Volunteering for a homeless charity, and counting my blessings..

I’ve been meaning to write this post for a couple of months- ever since I started a new volunteering position. I’m working for a charity which supports, houses and rehabilitates people who are either currently sleeping rough, or who have done in the past and are therefore at risk of doing so again.

It’s a really worth-while place to give my time up to, and god has it made me appreciate my flat this winter.. just thinking about sleeping out on the streets when the weather is so terrible and the temperature goes down to freezing is painful; the suffering people endure is completely unimaginable.

I started volunteering there in November, and did a couple of shifts in December before breaking for Christmas, and then started back on the second week in Jan; so I’m still kinda learning the ropes, and working out all the different aspects of the role. And there are a lot of different aspects to the role.

Most of the people I work with are support workers, which are basically Social Workers without the legal rights and responsibilities; a good thing because Social Workers have to make horrendous decisions such as when to split a family up or take kids away from their mum, and when to Section people.

The support workers I work with have case loads, and work with clients to get them off the street and into shelters and accommodation, and then ultimately to try to find them permanent accommodation, jobs and ways to make their lives better and their futures more certain. It’s a challenging job, and can be hugely stressful at times, as the clients are generally quite chaotic, and have a range of differing and complicated issues.

Many have drug and alcohol addictions, past convictions and complex histories and backgrounds. Some are old, some are terrifyingly young, and most don’t have too many support networks or reliable significant others who can pick up the slack when we have to step away.

It can be heartbreaking to watch somebody fall back off the rails after a period of good progress, or miss out on an opportunity simply because they couldn’t pull it all together long enough to make it to a meeting or an appointment on time.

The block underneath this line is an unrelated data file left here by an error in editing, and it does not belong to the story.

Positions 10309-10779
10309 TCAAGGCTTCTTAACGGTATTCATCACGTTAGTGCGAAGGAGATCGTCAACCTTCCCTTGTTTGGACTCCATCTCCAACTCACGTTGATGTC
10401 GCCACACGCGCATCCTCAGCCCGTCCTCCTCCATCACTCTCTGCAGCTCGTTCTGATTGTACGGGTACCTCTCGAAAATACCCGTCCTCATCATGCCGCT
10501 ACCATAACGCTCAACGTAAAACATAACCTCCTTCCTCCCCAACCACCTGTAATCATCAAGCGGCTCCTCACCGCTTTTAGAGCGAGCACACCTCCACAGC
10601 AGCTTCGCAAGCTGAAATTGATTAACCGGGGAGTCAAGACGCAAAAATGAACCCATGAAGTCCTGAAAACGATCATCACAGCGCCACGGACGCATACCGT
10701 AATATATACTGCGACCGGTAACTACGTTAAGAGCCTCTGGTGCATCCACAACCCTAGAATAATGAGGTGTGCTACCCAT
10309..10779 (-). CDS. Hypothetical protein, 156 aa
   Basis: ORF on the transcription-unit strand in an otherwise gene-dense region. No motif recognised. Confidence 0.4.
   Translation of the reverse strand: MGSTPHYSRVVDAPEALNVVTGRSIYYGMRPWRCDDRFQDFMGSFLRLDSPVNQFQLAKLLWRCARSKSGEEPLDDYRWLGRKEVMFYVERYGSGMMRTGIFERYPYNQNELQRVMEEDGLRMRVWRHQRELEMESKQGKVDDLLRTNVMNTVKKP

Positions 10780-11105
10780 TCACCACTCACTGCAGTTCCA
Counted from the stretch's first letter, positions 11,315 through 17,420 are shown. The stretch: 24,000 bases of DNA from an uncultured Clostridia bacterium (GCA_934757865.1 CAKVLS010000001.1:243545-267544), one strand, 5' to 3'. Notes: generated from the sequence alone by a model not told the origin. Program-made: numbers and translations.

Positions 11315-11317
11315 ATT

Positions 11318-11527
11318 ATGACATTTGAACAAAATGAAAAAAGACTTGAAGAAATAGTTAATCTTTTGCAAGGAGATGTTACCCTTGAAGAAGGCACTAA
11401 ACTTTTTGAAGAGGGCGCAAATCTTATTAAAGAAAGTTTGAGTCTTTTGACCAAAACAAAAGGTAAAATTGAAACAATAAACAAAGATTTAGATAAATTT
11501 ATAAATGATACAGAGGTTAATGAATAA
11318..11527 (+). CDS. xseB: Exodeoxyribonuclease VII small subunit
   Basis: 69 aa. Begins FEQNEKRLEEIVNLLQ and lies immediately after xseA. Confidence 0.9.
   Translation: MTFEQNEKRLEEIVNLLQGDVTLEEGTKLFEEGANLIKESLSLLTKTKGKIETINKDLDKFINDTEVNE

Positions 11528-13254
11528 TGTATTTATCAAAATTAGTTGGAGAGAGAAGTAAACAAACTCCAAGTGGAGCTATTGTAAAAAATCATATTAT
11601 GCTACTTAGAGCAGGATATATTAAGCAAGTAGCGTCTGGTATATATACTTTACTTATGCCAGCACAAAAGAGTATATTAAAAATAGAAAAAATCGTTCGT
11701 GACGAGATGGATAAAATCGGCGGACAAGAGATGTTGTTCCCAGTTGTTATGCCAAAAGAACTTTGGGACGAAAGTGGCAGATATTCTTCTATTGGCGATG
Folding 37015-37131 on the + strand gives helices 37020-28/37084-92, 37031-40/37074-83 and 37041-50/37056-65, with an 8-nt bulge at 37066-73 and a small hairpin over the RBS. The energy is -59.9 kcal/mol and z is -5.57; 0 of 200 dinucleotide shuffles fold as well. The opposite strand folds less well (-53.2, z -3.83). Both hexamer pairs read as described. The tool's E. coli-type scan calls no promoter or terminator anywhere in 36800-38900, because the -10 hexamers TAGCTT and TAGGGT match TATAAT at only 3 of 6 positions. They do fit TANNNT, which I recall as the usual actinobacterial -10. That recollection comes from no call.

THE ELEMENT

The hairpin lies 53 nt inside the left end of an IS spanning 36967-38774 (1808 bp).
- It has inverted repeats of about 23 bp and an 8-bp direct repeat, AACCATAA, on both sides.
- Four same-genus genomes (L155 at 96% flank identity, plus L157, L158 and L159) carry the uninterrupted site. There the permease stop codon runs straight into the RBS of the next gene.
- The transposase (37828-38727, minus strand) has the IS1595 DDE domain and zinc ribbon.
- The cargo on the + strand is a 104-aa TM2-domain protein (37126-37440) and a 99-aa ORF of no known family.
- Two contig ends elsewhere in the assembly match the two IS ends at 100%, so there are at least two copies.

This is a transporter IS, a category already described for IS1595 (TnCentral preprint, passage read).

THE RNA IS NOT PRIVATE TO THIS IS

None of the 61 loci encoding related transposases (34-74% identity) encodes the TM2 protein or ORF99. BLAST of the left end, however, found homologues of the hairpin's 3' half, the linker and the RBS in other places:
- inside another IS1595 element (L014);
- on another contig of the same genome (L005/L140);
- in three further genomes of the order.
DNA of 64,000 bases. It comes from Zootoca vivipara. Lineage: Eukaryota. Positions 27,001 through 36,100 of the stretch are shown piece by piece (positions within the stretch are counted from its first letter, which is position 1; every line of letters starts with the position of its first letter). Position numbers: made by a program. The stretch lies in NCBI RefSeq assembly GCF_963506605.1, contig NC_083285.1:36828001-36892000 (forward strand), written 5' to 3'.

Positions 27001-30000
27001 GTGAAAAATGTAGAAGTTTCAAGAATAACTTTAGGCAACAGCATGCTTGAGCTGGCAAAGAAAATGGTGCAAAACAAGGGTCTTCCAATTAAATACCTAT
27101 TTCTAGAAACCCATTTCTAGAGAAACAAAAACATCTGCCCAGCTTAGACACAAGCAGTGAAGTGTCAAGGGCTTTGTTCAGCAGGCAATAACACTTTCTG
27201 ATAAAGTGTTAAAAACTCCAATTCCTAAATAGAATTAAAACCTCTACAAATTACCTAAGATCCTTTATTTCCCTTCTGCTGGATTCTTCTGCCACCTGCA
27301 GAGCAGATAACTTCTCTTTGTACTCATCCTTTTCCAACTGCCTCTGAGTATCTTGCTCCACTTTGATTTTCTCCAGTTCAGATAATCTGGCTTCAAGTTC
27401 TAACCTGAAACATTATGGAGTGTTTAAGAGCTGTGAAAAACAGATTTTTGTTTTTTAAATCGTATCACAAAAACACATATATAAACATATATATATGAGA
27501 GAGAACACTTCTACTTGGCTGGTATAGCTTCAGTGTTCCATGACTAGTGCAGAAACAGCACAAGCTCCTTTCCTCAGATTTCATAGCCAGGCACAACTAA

Many others are so caught in a routine of instability and living from day to day that when help comes calling they simply cannot engage with it meaningfully enough to make use of it.. it can take a monumental strength of will to break out of negative cycles, and destructive habits; and the help and support we provide is sometimes woefully inadequate.

But, we do what we can, and we remain optimistic.

Just because the system in place isn’t perfect doesn’t mean you stop trying altogether. The feeling that comes with helping somebody off the streets, or into a new home or job position is incredible; it can’t be beaten.

Moreover, it is an injustice of the most monumental kind that, in this day and age, so many people are forced to risk their lives every night and sleep rough on the streets. It makes me feel good to think  I am trying to right some of those injustices with each shift I work.

However, on top of that, I have a personal reason to feel deeply about this position, and the people I am working with. The statistics I have found, from “the homelessness hub” state that 35% of homeless people suffer with a mental illness of some kind, and more specifically 75% of all women on the streets.

Those statistics are terrifying. Severe mental illness is a killer to live with, and it can be like living in another world itself- when I try to imagine going through what I went through, but with the added stress and terror of sleeping rough and having absolutely no stability or support whatsoever, it chills me to the bones.

Going through psychosis, or having paranoid delusions- whilst being out and about own your own late at night.. I can’t see how anybody could recover at all in the environment. I can’t see how anybody could survive at all, or get by at all from day to day in those conditions. It would be like being trapped in some bizarre nether world, a living nightmare where there was absolutely nothing you could do for respite, and nowhere you could go for real comfort or release.

I get really upset thinking about it.. I think because I know the hell I have been through, and know that if I had had to go through that, whilst living rough, I don’t think I’d be sitting here today to write this. It is unimaginable, and so bitterly bitterly unfair that this is the life some people are confined to.

I have really learnt to count my blessings, over the last couple of months, and give thanks for that fact that I have a flat, and I have friends and family around me. I have been through the ringer, but had a few more things gone wrong- had the people closest to me decided not to support me and stick by me, I could have ended up like many of the people I now work with.

I could have ended up alone, on the streets, dealing with the voices with nothing stable to anchor me or hold me down to reality. Just thinking about that makes me want to reach for the wine bottle; I can’t begin to imagine how the people who actually live through it manage to survive.